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Fifth Street Apartments Up for Sale
June 13, 2007 - Over the next three years, the owners of Fifth Street Apartments in Carthage hope to sell their 18 apartment buildings as individual duplexes that will be governed by a condominium association.
Ron Lienemann of Rushville, who has owned the complex with his wife and father since 1994, briefed the Carthage Town Council on these plans at the council's May 21 meeting. He said they hoped the 1,600 square foot buildings, which sit on 90-foot by 160-foot lots and include two two-bedroom, one bath units, would each sell for $70,000 or less.
One issue Lienemann said he needed to address with the council was how the town bills for water and sewer usage by Fifth Street tenants. He said the current practice of billing Fifth Street based on readings from a central meter at the complex and leaving Fifth Street to collect from individual tenants would no longer work.
"The problem is, if I sell one in July, I don't want to pay for their water or sewer," said Lienemann. He asked the council to consider reading the individual meters at each unit so the town can bill the tenants directly.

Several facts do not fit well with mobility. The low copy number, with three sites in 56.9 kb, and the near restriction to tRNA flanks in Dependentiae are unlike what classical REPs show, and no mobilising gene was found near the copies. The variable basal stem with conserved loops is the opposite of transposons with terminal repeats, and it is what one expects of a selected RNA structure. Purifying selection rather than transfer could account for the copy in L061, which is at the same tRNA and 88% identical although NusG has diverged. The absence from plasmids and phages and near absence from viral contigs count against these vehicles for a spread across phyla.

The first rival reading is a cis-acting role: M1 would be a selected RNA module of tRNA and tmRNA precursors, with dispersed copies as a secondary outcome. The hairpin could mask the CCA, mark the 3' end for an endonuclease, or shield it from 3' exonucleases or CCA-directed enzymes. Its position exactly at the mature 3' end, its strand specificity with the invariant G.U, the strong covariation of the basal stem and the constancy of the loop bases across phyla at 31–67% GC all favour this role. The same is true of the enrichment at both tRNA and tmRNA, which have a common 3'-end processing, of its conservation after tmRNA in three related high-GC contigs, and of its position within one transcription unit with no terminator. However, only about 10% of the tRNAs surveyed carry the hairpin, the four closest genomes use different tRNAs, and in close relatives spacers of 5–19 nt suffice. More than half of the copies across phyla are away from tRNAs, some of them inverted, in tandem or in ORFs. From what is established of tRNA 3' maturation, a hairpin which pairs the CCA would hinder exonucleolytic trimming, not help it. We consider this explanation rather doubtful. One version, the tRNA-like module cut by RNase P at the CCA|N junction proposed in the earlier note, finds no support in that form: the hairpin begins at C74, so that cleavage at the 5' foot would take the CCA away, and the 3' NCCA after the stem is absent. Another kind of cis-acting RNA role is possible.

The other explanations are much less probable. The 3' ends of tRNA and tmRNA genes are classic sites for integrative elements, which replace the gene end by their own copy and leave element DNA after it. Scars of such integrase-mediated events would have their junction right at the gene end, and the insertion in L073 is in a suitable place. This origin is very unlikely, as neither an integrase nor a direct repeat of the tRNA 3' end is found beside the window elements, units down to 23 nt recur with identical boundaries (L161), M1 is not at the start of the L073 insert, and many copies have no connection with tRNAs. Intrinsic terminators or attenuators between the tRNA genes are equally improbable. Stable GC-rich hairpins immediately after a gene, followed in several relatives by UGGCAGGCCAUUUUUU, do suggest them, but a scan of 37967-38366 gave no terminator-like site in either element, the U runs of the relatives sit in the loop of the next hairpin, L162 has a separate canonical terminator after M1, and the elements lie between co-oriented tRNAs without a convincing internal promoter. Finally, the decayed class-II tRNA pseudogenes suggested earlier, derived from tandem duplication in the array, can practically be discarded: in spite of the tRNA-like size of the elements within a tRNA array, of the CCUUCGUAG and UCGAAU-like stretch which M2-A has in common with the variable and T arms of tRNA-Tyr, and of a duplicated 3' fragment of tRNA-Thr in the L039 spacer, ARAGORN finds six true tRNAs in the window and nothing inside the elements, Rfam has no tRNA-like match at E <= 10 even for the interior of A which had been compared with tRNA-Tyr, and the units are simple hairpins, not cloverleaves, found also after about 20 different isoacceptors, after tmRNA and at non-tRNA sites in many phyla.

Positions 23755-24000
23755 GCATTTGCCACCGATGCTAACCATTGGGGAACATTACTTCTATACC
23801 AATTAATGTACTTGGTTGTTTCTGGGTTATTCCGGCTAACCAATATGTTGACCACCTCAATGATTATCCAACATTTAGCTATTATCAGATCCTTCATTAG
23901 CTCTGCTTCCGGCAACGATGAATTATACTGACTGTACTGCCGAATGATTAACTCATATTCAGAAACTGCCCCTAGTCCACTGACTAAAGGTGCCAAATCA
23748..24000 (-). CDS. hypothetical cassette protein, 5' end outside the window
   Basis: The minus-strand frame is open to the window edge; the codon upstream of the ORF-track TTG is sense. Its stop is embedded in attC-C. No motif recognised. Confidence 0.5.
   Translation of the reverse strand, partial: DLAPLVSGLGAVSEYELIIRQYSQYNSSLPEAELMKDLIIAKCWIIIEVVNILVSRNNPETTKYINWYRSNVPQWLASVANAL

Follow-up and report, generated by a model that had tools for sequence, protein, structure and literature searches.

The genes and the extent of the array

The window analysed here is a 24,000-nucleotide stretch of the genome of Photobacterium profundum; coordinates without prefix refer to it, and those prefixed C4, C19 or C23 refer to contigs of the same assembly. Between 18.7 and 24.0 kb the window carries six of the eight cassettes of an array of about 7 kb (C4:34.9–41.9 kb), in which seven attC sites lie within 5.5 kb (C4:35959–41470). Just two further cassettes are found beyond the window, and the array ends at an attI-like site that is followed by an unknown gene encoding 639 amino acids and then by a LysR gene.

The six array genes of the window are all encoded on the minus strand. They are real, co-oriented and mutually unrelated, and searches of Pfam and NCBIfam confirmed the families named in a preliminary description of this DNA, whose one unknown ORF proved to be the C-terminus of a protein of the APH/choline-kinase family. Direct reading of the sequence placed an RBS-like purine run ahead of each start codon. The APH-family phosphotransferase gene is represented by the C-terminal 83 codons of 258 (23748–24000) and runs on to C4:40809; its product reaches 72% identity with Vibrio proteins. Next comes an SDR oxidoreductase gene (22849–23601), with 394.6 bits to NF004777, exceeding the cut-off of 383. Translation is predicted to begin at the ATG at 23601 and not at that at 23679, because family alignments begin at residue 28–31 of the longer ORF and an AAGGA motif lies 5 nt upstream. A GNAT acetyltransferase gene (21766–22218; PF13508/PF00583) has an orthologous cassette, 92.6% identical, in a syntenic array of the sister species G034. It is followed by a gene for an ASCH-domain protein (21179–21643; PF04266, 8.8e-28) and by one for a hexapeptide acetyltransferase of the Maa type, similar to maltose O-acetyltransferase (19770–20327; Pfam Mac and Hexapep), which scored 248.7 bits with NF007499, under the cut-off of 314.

For now, the council told Lienemann it would make no changes and would continue to bill Fifth Street based on readings from the central meter. The council said, however, that it would review the matter with its attorney.
In other business at the May 21 meeting, the council voted to give Clerk-Treasurer Linda McMahan permission to hire consultants to assist with preparation of the town's proposed budget for 2008. McMahan advised the council that the town still has not received an approved budget for 2007 from the state.
Rob Cooper told fellow council members that a child recently was injured at McNabb Park when a step on a wood structure broke. Council President Rick Bush said approval had already been given to tear down the structure and the town's works manager, Jimmie Alcorn, said he would take care of it the following week. Alcorn also advised the council that a large tree at the park had rotted and needed to be taken down.
The council approved a request from Town Marshal Mike Onkst for he and one of the town's deputies to attend firearms training later this month. McMahan told the council the town has sufficient funds to cover the $125 registration fees, and Onkst said he and his deputy will provide their own ammunition.
The council also accepted an $807 bid for a 1997 Ford Crown Victoria that had been used as a town police car. Previously, the council had accepted a bid on the car from Bush, but after researching the issue, the council's attorney cautioned against selling town property to any members of the council or their immediate family members.
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